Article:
August stream of consciousness post

It’s mid-August which means that classes start pretty soon- two weeks from Monday in this case- so it’s time to reflect on the summer and think about the year ahead. I took last week off from working at all- not that I’ve had an especially busy summer- but I have had various things going on up until August 2nd and didn’t get to go on any trips so figured a no-work-week was in order before I have to get ready for classes. When my daughter was younger we always made a point to go on a trip in the summer- to see family, visit national parks, etc. But recently my husband has been doing long trips home to help his mom and our daughter is 19 now (one year of college done!) so it hasn’t been a focus for us. My daughter went to California with a college friend to visit my mom for a week in June, so that was nice for them. I didn’t want to intrude on their friend trip so stayed home. It’s too expensive for us all to go to Kenya every year, so I skipped that trip that my husband took, too. I g…

Teaching Evaluations

I think most of us in academia complain about teaching evaluations in one way or another and many articleshave been written on the problems with student evaluation of instruction. Since we made the switch to online evaluations another problem is low response rates. Some faculty have "tricks" that they claim work: offering extra credit if a certain response rate is reached, threatening not to grade exams if a certain response rate is NOT reached, giving in-class time to fill them out. I've tried some of these but the rates are still quite low. For online classes it's even worse. So on top of the other issues with student evaluation of teaching, there may not be enough data either.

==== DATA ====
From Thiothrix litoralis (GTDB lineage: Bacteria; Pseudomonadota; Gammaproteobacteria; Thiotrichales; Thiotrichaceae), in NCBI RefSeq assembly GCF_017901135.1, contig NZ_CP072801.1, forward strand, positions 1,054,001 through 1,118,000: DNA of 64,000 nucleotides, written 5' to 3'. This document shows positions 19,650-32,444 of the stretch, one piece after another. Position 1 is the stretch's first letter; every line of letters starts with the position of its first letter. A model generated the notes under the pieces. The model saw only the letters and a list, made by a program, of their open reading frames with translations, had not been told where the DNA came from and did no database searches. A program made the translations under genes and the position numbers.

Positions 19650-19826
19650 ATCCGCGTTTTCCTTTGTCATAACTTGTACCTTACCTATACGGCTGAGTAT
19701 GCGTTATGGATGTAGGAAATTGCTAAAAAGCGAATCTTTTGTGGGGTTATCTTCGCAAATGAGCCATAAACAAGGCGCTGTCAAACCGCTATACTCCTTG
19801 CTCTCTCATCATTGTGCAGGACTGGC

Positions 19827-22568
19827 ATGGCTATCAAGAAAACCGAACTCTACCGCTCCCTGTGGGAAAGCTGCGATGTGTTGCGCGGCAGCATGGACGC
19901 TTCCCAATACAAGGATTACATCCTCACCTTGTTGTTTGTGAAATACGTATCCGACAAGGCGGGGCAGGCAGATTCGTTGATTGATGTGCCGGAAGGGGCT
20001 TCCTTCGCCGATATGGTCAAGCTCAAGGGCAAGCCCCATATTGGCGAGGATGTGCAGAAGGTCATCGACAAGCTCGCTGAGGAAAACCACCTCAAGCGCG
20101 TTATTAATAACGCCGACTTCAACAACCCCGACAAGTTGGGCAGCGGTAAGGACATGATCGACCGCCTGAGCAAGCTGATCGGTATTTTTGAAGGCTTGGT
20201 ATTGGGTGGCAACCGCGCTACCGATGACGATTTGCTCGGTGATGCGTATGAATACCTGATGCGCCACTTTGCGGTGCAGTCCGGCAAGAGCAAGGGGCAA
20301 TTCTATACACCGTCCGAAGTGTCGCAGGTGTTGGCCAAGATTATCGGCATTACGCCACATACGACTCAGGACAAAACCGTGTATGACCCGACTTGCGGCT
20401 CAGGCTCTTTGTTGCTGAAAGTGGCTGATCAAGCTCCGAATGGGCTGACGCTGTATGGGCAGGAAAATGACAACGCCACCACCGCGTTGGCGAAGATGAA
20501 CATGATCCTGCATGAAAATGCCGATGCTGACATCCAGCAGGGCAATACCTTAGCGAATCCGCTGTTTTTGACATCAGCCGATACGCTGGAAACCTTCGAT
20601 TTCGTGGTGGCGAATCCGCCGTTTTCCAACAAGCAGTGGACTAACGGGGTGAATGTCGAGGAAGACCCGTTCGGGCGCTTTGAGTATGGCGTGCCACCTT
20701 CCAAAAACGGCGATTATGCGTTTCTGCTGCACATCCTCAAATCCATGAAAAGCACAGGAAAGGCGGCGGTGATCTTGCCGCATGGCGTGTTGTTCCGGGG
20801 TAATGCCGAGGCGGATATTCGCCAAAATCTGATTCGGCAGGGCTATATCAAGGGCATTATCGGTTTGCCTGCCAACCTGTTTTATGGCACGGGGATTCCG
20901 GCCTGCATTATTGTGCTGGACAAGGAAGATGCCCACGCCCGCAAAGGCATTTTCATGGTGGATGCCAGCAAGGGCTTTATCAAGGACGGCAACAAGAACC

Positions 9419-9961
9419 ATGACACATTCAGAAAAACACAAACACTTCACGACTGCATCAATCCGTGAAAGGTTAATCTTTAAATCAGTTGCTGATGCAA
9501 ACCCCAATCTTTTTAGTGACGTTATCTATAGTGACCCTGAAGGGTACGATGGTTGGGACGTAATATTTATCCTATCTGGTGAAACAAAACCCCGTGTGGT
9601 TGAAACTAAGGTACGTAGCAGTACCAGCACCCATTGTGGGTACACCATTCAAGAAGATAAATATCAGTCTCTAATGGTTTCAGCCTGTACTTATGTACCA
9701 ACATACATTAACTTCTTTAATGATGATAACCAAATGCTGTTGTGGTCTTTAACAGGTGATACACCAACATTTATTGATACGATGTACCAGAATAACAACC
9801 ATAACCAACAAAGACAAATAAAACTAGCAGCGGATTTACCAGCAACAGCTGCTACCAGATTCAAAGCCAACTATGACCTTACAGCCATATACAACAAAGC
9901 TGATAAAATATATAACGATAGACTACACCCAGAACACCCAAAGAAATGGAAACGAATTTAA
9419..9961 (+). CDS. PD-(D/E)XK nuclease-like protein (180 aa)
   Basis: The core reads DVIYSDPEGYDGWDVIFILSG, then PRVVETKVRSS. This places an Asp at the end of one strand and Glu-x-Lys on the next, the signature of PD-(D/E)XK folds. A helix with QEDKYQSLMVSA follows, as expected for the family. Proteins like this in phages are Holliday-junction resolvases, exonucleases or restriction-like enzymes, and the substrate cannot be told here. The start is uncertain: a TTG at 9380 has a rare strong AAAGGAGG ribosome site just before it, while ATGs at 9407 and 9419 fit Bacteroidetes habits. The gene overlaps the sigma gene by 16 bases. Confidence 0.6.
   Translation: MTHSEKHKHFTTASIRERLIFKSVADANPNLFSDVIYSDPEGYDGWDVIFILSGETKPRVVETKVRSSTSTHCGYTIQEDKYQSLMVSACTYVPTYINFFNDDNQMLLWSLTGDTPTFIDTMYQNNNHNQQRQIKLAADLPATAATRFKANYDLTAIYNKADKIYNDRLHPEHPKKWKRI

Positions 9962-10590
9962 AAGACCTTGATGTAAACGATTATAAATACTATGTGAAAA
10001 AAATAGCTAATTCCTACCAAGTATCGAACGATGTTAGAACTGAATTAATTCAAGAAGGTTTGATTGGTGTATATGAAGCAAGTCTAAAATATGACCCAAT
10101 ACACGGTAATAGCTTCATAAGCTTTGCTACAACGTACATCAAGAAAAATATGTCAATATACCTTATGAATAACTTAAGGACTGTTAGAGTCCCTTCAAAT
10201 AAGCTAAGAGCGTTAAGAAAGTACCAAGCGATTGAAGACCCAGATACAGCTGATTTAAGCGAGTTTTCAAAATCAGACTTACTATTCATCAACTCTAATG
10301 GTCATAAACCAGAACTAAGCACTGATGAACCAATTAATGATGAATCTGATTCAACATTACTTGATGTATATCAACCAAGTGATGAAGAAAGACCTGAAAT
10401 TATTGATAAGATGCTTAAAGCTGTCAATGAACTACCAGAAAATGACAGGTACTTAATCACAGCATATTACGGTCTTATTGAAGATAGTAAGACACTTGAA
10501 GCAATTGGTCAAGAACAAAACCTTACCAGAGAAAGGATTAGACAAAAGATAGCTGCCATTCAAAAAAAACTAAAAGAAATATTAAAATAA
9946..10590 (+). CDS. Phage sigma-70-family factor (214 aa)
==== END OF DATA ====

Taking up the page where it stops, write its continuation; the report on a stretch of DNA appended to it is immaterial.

At my university, they encourage us to use "multiple measures of teaching effectiveness" in the form of midterm evaluations of some kind. I have used Small Group Instructional Diagnosis several times to get feedback on what is and isn't working in classes. This semester I am us…

Friday afternoon meetings are the worst*

Is it ever appropriate for someone to yell at someone else in an academic faculty meeting? I would say no. Especially so if you’re a higher rank than the person you’re yelling at. Especially not during a brainstorming session on a Friday afternoon. Especially not if you’re a man and you’re yelling at a woman.

I just had another taste of how people at work don't value me or my opinions. The comment I made was clearly not going to be a major focus of what we were doing, but I thought I had a valid point and should be allowed to make it. If no one felt it was worth pursuing or discussing further, that’s fine. However, my comment was met with anger and aggression from one colleague. Nobody else said anything. I felt uncomfortable for being yelled at so I left the meeting right then. One (female) colleague emailed later to ask if I was okay. Another (female colleague) did on Sunday. The person who yelled emailed to apologize, but apology also pointed out that I was wrong. So that’s w…

Teaching with Documentaries